Cover Letter Checklist: 7 Steps to Better Cover Letters
The cover letter should be part of your presentation to a hiring manager whenever you apply for a job. Through cover letters you can "speak" directly to the hiring manager and create a more tailored presentation of your background to better prove why you are well-suited for their open position. Generally cover letters should be three or four paragraphs long and no more than one page.
Here are seven things you should do when you write a cover letter.
- Create a professional business letter format. Include your name and contact information at the top of the letter and match the style and font used on your resume. Stick to traditional fonts such as Arial, Times New Roman, and Tahoma.
- Address the letter to a specific person when possible. It is always better to address the letter to a specific person. If no name is listed on the posting, try calling the main number of the company to find out who the contact is or ask someone in the human resources department. You won't always be able to uncover a specific name; but when you do, some hiring authorities will be impressed by the extra effort you took to find out who the appropriate contact is.
- State the reason why you are sending the letter. If you are applying to the job via a job board or company website, be sure to reference where you saw the job posted and include the job title and job number if there is one. If a friend or colleague referred you for the position be sure to mention that in the first paragraph of the letter. Referred candidates frequently stand a better chance of getting past the initial screening process.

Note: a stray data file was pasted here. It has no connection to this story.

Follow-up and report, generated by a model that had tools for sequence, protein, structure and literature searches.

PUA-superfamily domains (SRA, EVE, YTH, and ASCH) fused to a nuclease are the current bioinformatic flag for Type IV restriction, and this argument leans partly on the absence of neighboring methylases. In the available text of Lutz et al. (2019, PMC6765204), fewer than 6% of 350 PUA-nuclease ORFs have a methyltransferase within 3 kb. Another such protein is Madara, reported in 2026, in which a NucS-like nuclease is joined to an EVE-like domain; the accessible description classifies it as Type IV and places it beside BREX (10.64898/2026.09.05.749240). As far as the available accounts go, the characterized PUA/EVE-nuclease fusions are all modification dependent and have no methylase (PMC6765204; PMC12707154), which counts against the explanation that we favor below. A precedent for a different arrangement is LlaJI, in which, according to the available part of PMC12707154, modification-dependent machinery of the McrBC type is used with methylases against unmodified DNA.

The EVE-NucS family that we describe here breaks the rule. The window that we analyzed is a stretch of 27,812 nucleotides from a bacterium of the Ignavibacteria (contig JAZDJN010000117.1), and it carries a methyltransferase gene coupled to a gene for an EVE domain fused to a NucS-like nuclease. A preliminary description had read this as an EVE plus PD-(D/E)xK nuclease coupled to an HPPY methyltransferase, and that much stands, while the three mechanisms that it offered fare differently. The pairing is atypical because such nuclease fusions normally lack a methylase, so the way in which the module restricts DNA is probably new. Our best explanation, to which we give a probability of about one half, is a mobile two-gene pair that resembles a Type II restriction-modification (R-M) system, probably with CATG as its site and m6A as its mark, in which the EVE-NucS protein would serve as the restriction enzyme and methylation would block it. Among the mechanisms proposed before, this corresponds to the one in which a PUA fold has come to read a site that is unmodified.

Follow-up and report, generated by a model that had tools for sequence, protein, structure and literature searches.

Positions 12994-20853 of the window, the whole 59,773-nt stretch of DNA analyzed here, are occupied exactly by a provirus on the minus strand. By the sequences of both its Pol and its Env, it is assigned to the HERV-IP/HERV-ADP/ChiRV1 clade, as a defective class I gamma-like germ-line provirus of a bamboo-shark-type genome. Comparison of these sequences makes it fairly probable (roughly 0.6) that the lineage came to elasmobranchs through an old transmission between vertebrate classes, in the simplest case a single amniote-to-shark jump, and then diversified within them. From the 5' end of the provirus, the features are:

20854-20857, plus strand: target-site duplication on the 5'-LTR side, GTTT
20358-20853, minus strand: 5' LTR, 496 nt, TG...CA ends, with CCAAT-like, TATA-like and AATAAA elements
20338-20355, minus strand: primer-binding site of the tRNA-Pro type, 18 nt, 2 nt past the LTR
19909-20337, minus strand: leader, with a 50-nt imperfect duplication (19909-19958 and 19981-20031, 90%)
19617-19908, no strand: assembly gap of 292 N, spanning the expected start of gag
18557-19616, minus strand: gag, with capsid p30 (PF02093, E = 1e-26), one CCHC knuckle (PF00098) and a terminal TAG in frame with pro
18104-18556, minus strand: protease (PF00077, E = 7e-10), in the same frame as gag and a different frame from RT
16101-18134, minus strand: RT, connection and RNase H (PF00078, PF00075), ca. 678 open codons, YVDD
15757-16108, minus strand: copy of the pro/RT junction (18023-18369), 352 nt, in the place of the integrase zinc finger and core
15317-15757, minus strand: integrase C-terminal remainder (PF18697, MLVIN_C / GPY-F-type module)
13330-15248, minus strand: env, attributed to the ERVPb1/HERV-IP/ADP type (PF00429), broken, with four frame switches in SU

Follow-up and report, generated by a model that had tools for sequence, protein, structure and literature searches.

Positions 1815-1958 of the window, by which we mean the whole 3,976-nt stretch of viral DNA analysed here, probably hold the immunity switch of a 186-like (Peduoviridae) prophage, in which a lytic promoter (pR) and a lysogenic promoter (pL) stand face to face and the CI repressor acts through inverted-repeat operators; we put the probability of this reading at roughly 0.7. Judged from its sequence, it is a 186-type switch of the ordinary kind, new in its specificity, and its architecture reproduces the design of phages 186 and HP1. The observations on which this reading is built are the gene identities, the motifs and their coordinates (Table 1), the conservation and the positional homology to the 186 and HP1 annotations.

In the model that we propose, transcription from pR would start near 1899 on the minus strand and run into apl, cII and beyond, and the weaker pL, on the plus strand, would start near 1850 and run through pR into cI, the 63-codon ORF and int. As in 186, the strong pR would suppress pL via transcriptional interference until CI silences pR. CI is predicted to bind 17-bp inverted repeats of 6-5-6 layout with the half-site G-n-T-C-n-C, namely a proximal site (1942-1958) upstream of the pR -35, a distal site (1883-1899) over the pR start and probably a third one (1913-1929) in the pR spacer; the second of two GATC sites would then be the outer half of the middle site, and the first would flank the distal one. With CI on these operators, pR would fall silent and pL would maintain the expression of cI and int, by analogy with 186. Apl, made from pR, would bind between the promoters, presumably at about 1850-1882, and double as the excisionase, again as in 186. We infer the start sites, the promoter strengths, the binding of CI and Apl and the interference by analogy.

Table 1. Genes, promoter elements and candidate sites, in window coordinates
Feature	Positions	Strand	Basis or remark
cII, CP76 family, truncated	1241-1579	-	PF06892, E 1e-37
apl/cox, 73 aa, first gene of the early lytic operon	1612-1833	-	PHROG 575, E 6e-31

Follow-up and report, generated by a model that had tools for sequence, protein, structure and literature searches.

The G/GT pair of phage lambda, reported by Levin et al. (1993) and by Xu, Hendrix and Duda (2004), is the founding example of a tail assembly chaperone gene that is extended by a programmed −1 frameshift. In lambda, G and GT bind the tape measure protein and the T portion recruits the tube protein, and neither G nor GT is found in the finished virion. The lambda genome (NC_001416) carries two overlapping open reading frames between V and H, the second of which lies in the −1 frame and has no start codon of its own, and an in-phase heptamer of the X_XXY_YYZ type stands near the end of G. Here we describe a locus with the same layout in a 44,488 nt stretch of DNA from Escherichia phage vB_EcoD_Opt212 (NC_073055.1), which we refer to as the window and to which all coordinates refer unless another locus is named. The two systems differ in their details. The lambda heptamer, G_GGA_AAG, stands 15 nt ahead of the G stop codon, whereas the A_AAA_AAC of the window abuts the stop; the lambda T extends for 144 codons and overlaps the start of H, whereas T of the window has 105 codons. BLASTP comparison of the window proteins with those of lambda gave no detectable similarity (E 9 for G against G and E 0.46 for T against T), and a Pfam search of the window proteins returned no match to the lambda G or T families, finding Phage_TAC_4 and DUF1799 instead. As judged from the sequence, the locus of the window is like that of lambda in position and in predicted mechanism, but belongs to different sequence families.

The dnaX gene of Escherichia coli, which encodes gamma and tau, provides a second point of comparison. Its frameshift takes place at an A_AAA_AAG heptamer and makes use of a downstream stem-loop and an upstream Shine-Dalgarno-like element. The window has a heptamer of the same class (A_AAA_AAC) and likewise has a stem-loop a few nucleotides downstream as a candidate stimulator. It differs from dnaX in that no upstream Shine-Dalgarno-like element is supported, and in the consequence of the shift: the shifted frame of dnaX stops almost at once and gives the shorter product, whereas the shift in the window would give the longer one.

- Discuss a current important business condition that is relevant to your reader. Let the hiring manager know that you understand their industry, competitors, and business problems. Making this connection helps elevate your candidacy and builds trust with the reader.
- Explain how your skills match the job requirements. Review the job posting closely and match as many of your job skills to the requirement as possible. You can even create a two-column format that lists the company's job requirements on one side and your skills on the other side to make the match more obvious.
- Ask for the interview. Be proactive in your letter and let the hiring manager know you plan to follow up to discuss next steps in the interview process.
- Proofread the letter. Typos on a cover letter are just as bad as typos on a resume. After you write the letter, proofread it a few times, put it down, and then proofread it again later. If possible ask someone else to proofread it as well.
Be sure to review the AOL cover letter samples as well.
Barbara Safani, owner of Career Solvers, has over fifteen years of experience in career management, recruiting, executive coaching, and organizational development.
Barbara partners with both Fortune 100 companies and individuals to deliver targeted programs focusing on resume development, job search strategies, networking, interviewing, salary negotiation skills, and online identity management.
She is the author of Happy About My Resume: 50 Tips For Building a Better Document to Secure a Brighter Future and #JOBSEARCHtweet and her award-winning resumes are featured in dozens of career-related publications.